Sender Policy Framework or SPF record is a type of email authentication strategy that identifies whether the emails that proclaim to be sent from an IP address are actually approved by the administrators of that domain. The record is in the form of DNS TXT which contains the list of authorized email servers that can send an email on the behalf of your domain name. SPF records defend your domain by preventing spammers from sending messages with bogus From: addresses attached to your domain.
SPF records are defined using the TXT record type. An SPF record is usually defined as a single string of text. Usually, the SPF record starts with v= element is the one which indicates the SPF version that is being used. The most common SPF version in use is spf1 since it is easily understood by most of the email exchanges.
v=spf1 a mx ip4:220.127.116.11 include:_spf.google.com ~all
The version indicators are followed up with terms that are made up of modifiers and mechanisms. The terms define rules set for which hosts can send mail from the domain as well as these provide additional information for processing the SPF record.
The defined mechanism includes:
All: Policy for ‘all the other sources’ can be set using the ‘all’ mechanism. This should be placed at the end of your SPF record while providing a ‘default’ for other sources. You should use a qualifier for defining the policy that has to be applied.
a: Defines a record of the current or specified domain as an authentic sending source.
Include: Only a single SPF record is allowed for a domain but with the "include" mechanism, multiple domains can be listed within that single record)
ip4: Defines the ip4 address
ip6: Defines the ip6 address
mx: Defines the DNS MX record for the current or specified domain as an authentic sending source.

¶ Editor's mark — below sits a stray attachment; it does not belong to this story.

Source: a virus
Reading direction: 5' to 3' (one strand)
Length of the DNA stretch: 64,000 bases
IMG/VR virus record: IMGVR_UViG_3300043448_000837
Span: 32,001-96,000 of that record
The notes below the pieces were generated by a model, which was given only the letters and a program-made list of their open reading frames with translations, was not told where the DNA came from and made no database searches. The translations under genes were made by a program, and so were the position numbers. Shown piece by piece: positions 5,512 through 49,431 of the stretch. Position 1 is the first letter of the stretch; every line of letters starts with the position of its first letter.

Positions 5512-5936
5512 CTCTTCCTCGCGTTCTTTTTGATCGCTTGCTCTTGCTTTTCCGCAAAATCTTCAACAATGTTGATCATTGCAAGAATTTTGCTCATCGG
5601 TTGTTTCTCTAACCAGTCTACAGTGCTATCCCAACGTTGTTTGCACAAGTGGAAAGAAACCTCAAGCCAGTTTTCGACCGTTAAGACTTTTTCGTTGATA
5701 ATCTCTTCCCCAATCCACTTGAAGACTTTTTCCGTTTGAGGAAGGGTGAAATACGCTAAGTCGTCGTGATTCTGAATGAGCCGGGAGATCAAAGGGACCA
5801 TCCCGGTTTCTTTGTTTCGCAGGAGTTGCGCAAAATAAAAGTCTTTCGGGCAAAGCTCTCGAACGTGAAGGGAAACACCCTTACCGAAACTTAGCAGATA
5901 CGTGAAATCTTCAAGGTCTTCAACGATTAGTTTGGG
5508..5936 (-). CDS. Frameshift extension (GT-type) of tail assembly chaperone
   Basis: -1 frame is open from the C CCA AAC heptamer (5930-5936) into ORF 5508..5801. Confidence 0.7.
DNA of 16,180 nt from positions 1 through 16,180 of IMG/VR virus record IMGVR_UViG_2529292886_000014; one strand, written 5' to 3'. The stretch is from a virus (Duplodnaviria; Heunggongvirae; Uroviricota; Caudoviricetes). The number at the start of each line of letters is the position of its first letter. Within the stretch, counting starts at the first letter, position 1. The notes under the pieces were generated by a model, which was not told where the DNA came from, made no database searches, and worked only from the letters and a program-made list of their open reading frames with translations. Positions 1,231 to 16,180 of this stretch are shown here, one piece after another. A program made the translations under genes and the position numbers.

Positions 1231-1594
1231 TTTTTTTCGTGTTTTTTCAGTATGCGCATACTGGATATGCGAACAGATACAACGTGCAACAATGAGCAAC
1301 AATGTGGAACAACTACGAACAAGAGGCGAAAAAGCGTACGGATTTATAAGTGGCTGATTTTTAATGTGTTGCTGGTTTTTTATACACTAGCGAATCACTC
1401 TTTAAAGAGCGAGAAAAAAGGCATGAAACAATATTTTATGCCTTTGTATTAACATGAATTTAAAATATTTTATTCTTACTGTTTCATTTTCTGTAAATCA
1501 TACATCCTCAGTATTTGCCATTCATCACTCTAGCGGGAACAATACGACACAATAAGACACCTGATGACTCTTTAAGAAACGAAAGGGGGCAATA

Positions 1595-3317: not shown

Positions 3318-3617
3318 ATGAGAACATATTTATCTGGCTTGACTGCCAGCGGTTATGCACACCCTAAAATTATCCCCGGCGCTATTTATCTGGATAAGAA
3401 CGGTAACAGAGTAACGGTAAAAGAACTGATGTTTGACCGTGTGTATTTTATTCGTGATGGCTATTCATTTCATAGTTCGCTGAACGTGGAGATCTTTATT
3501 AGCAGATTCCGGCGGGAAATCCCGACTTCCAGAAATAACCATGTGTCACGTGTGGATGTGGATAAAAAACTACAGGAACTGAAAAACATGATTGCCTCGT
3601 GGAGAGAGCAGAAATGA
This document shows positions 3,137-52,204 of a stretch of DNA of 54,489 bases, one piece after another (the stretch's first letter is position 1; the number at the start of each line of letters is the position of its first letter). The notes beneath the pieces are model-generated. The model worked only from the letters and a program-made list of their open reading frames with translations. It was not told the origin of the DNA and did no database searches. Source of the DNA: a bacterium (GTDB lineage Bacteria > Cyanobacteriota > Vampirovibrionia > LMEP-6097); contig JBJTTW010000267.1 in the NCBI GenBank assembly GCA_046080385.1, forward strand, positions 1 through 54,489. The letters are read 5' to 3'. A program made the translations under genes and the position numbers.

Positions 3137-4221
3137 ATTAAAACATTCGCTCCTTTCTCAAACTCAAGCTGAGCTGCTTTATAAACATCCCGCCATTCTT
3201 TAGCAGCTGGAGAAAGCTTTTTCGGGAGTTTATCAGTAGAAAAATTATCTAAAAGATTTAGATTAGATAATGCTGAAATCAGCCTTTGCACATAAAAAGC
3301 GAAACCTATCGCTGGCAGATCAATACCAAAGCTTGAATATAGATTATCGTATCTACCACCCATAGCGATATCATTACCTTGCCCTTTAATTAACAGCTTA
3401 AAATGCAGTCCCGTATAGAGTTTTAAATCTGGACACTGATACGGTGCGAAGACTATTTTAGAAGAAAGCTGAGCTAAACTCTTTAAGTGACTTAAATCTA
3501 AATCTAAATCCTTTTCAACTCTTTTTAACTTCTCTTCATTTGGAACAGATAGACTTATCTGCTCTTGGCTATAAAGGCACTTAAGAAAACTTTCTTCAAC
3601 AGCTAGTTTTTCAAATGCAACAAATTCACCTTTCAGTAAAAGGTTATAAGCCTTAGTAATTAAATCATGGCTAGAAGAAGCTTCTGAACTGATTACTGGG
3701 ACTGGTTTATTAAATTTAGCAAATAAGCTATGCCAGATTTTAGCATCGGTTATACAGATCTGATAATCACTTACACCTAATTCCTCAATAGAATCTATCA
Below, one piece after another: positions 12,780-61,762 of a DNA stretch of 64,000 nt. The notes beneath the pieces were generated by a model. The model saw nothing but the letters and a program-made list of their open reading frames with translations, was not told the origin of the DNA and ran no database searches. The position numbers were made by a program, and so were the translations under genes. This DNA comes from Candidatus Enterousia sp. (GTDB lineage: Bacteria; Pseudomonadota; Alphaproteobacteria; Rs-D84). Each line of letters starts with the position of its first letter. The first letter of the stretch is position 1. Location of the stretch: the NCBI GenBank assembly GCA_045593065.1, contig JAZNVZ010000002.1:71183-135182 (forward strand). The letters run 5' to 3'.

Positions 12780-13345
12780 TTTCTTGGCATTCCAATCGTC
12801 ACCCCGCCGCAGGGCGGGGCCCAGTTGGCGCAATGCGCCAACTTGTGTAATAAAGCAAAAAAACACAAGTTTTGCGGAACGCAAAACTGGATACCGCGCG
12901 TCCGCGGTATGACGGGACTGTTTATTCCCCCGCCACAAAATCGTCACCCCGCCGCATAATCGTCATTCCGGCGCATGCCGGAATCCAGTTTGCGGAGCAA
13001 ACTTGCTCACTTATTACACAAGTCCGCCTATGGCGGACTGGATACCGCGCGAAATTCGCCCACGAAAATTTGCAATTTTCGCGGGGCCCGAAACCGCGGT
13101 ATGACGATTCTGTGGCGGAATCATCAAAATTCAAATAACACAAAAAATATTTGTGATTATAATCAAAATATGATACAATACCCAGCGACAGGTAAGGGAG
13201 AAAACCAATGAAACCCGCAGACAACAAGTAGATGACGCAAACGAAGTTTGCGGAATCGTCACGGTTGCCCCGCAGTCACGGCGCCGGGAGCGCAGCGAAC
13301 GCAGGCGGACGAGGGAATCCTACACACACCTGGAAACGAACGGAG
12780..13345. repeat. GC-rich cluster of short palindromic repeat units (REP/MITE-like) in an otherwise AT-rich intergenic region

Exists: This mechanism checks the existence of A record for a domain. In order to handle a match, these mechanisms may specify qualifiers including:
+ for pass,
- for fail,
~ for soft fail,
? for neutral
The defined modifiers include:
exp: The ‘exp’ modifier is used for providing an explanation in case ‘–‘qualifier is present on a mechanism which is matched.
redirect : This modifier is used when the organization has multiple domains and wants to apply the same SPF content across multiple domains. SPF records must limit the number of mechanisms and modifiers requiring DNS lookups to 10 per SPF check. In order to exceed the maximum number in a single SPF record, you are required to send some of the messages from subdomains beneath your naked domain.
SPF helps in increasing the chance of your email landing in the inbox by building up the trust with ISPs. Along with DMARC and DKIM, it serves as an extra layer of security that reduces backscatter bounces and error notifications. Your email will be delivered without trouble as SPF ensures that your email is secured against any type of spoofing.
KDMARC analyses your SPF record and provides a report that allows the experts within your organization to set the record appropriate for the organization.